Professionals from across the Linden, Region 10 (Upper Demerara-Berbice) community last week benefitted from a TB/HIV (Tuberculosis/Human Immunodeficiency Virus) Peer Education training organised through the Public Health Ministry under the National Tuberculosis programme initiative.The activity, which was conducted at the Linden Hospital Complex (LHC), targeted professionals such as Head Teachers, religious leaders, law enforcement officers and media personnel, among others.According to officials attached to the initiative, it aims at enhancing public education on TB and HIV through participation in outreach activities and dissemination of information to various sections of society.The programme forms part of the Public Health Ministry’s 2019 budgeted training plan.Administrative Manager attached to the TB/HIV Department of the Ministry’s Disease Control National TB programme, Rhonda Cripaul said it mainly sought to sensitise participants so that they can go back into society and spread the message about what was learnt.“The purpose of the Peer Education training is to sensitise the community about tuberculosis – what it is, what are the classic signs and symptoms, the mode of transmission, the medication. We also do drug-resistant TB, we touched on adherence because adherence is a very big component of taking the treatment. We’re also touching on infection control too which is really important – it helps persons to know, ‘well look this is how I can protect myself and my family’. So, you can contain the spread of the disease,” she highlighted.Cripaul, who was one of the facilitators, in her presentation, narrowed in on peer education and communication which she explained was aimed at empowering participants on important aspects such as verbal communication skills and how they can educate people in the community about the disease. It also entailed a case study as well as focus on stigma and discrimination.“It’s really just getting the message out there, educating persons so they’re able to take the message further – back to their homes, workplaces and back to their community,” Cripaul said.She further alluded to the outstanding work put out by the Linden Chest Clinic which manages TB and HIV cases in the region.“Linden has been doing very good work in terms of their cure rate. You have a very dedicated team located at the Wismar Hospital Chest Clinic headed by Dr Roscoe McDonald. They work closely with the community in containing the spread of TB and with the patients in ensuring that they see them through to the end of the treatment. They have the highest cure rate for last year which is excellent,” Cripaul said.TB/HIV focal person and department head, Dr Rhonda Williams was also part of the initiative.The National Tuberculosis programme is headed by Dr Jeetendra Mohanlall, who serves as Programme Manager. The initiative was hosted in Region 5 last year and in Region 4 in 2017.Some of the participants at the workshop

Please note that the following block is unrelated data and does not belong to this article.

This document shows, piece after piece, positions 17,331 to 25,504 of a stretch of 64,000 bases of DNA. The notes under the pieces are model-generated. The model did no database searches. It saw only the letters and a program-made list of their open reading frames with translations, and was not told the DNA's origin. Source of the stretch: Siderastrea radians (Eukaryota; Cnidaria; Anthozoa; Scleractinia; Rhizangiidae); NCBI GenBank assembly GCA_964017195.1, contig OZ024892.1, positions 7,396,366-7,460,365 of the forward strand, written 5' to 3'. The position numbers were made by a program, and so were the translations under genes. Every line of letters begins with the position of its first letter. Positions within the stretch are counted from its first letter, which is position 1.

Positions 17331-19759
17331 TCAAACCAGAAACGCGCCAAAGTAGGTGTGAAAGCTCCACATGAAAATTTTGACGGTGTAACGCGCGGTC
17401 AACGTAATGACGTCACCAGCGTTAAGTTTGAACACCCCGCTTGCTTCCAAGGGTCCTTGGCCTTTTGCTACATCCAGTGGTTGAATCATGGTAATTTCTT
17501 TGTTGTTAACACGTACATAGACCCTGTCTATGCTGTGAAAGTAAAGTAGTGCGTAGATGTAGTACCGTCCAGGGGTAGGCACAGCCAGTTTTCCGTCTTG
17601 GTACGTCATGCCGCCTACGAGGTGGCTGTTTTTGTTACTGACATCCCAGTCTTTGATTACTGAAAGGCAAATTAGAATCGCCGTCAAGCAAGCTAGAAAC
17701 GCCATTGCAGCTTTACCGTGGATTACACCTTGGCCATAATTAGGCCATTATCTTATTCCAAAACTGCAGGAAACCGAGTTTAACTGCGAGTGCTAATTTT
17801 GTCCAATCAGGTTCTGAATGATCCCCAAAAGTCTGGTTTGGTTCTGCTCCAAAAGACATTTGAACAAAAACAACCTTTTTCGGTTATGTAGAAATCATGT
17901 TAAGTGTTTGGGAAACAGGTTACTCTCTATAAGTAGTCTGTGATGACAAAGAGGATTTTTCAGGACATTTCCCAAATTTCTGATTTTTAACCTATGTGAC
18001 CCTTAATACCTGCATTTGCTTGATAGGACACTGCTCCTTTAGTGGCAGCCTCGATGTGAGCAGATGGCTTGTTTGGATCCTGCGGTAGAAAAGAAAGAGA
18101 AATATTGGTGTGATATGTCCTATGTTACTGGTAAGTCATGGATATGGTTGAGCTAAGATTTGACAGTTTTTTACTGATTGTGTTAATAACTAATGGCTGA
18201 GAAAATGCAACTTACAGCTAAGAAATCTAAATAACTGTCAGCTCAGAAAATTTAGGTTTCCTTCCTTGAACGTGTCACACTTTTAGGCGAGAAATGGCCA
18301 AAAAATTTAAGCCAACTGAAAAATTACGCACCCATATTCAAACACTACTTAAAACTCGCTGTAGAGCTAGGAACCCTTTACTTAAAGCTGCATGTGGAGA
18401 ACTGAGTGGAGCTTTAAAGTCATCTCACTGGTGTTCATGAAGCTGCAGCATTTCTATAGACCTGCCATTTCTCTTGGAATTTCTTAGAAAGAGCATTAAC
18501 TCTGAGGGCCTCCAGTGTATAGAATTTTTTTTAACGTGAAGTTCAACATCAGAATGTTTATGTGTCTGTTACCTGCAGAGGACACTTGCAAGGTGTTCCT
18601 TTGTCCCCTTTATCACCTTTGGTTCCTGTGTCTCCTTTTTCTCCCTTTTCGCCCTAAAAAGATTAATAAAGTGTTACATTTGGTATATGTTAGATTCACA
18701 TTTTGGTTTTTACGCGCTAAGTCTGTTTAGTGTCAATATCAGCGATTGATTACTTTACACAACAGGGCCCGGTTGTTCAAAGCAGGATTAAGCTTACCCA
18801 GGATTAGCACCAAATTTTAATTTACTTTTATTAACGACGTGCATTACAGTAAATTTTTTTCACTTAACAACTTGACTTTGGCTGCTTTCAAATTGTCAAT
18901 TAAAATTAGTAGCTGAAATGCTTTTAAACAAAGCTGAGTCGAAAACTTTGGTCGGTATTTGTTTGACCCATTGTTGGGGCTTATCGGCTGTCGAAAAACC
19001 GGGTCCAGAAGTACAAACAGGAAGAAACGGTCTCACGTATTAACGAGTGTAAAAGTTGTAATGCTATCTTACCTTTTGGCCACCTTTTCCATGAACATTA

GLENDALE – A power outage darkened Glendale streets during rush hour Tuesday and some workers in the city’s northeast neighborhoods were trapped in elevators, authorities said. A faulty cable in an underground vault along Glenoaks Boulevard was to blame for the 5:30 p.m. outage that cut lights off to some 14,000 customers north of the Ventura Freeway to Montrose, said Glendale city spokesman Ritch Wells. Glendale Water and Power was able to restore most electricity by 7:30 p.m., Wells said. A spokesperson for the utility was not available for comment. “Nobody was hurt, but we did have a number of rescues from elevators in office buildings near the Montrose area,” said Glendale Fire Capt. Bill Lynch. AD Quality Auto 360p 720p 1080p Top articles1/5READ MOREBlues bury Kings early with four first-period goals 160Want local news?Sign up for the Localist and stay informed Something went wrong. Please try again.subscribeCongratulations! You’re all set!